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Homeowner Chips Away At Resolving Peeling Problem

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HOLLY SPRINGS, N.C. — Paint or stain can really spruce up the exterior of a home. Once the paint is on and it looks great, you are ready to move on.

A Wake County homeowner's problem is not with the work that was done, but how long it lasted.

Eric Steffenhagen said the paint-like stain that was put on his house 15 months ago is chipping, peeling and practically falling off the house.

Steffenhagen paid First Aid Painting of Cary almost $4,600 to do the job. Last spring, it started to peel.

Since First Aid offered a two-year warranty, Steffenhagen called the company.

Owner Brad Halferty sent stain samples to the manufacturer. Tests found "no evidence" that the stain or First Aid were "at fault." The report stated the wood is simply "separating from itself taking the stain with it."

"When you look at the back of the chips, you can see and feel that there's wood fibers on the back of the chips. The lab report also indicates that's what's happening," Halferty said.

The manufacturer still offered free stain to redo the house, but Halferty said since it is not "defective workmanship," the warranty does not apply. He only offered to provide labor at his cost.

Steffenhagen feels the $4,600 he already paid is enough.

"To think of spending more on top of that, to me is absolutely ridiculous," he said.

Halferty calls it a difficult situation.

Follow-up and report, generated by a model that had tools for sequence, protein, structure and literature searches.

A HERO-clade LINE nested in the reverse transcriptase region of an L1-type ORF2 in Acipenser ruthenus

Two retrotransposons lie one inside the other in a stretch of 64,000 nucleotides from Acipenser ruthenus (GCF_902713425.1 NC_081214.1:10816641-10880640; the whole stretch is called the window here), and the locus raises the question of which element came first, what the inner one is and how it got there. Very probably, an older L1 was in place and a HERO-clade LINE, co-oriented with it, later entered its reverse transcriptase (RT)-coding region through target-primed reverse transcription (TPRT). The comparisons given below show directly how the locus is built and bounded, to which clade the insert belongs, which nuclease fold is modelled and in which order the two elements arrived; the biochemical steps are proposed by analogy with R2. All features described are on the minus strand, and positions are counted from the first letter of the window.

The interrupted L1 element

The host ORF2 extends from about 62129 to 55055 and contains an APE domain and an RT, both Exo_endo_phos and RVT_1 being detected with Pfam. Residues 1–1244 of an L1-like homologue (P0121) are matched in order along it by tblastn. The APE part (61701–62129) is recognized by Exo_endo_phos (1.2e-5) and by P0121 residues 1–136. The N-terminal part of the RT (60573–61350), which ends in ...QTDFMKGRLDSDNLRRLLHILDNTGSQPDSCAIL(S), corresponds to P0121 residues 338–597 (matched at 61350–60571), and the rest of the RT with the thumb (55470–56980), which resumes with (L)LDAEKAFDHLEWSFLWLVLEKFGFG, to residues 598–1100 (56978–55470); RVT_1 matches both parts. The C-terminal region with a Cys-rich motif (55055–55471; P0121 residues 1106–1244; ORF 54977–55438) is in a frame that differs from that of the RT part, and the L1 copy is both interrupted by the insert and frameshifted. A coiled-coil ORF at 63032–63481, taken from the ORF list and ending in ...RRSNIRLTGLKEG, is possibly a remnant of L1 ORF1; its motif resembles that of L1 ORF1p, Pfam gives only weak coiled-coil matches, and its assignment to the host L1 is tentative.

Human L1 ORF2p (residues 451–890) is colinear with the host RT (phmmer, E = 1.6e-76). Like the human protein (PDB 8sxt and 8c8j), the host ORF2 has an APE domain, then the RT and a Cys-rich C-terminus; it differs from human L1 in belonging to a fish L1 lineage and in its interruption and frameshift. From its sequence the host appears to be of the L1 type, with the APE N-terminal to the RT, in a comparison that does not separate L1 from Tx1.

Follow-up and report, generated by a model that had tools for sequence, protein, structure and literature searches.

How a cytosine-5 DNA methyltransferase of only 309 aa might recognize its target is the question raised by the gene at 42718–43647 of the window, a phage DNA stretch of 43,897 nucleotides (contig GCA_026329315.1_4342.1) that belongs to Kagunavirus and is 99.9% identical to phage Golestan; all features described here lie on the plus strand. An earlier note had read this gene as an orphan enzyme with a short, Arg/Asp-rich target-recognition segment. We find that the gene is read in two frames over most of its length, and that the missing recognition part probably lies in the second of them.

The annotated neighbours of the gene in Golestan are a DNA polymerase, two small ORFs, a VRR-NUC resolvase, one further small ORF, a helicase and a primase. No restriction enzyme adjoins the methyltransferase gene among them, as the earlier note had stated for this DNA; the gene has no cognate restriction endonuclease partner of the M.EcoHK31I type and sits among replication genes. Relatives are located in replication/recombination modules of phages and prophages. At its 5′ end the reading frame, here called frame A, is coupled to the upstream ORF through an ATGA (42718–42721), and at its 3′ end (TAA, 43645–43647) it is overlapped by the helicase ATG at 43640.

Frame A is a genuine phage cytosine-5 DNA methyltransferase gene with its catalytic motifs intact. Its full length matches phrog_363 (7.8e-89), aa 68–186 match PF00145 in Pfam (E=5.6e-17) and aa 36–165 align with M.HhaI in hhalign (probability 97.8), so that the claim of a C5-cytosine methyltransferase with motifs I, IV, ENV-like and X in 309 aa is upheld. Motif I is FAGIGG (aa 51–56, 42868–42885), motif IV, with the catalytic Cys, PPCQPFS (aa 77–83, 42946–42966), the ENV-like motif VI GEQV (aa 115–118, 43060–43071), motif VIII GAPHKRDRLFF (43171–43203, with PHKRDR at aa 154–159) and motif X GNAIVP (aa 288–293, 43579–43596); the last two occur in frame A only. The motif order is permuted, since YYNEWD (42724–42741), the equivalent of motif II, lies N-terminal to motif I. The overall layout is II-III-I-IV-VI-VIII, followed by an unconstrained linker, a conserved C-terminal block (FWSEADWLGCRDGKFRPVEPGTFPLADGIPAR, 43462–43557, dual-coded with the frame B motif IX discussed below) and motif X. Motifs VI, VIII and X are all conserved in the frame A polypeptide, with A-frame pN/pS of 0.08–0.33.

"If I were in his shoes, I'd feel the same way," he said.

Halferty told Five On Your Side that if Steffenhagen got different test results, he would restain the house for free.

So Steffenhagen hired Dr. Larry Jahn, a wood products expert and former professor at North Carolina State University.

Jahn blames "inadequate surface preparation," saying First Aid should have first sanded the house to remove the old stain then primed it before staining.

"I think it was an opinion," Halferty said.

Since Jahn did not do a lab test, Halferty said he is not budging.

"I simply can't pay for something we're not responsible for," Halferty said.

Steffenhagen said since he hired Halferty as the professional, Halferty should back up his work.

"I just can't believe that in the amount of time that it took to go from beautiful to this, that the applicator will not accept responsibility for his problem," Steffenbhagen said.

Halferty said he has painted about 1,300 homes and this is the first time he has seen stain peel. He also said it is the first time he has disputed a warranty claim. Halferty suggested the best way to resolve this might be going to court.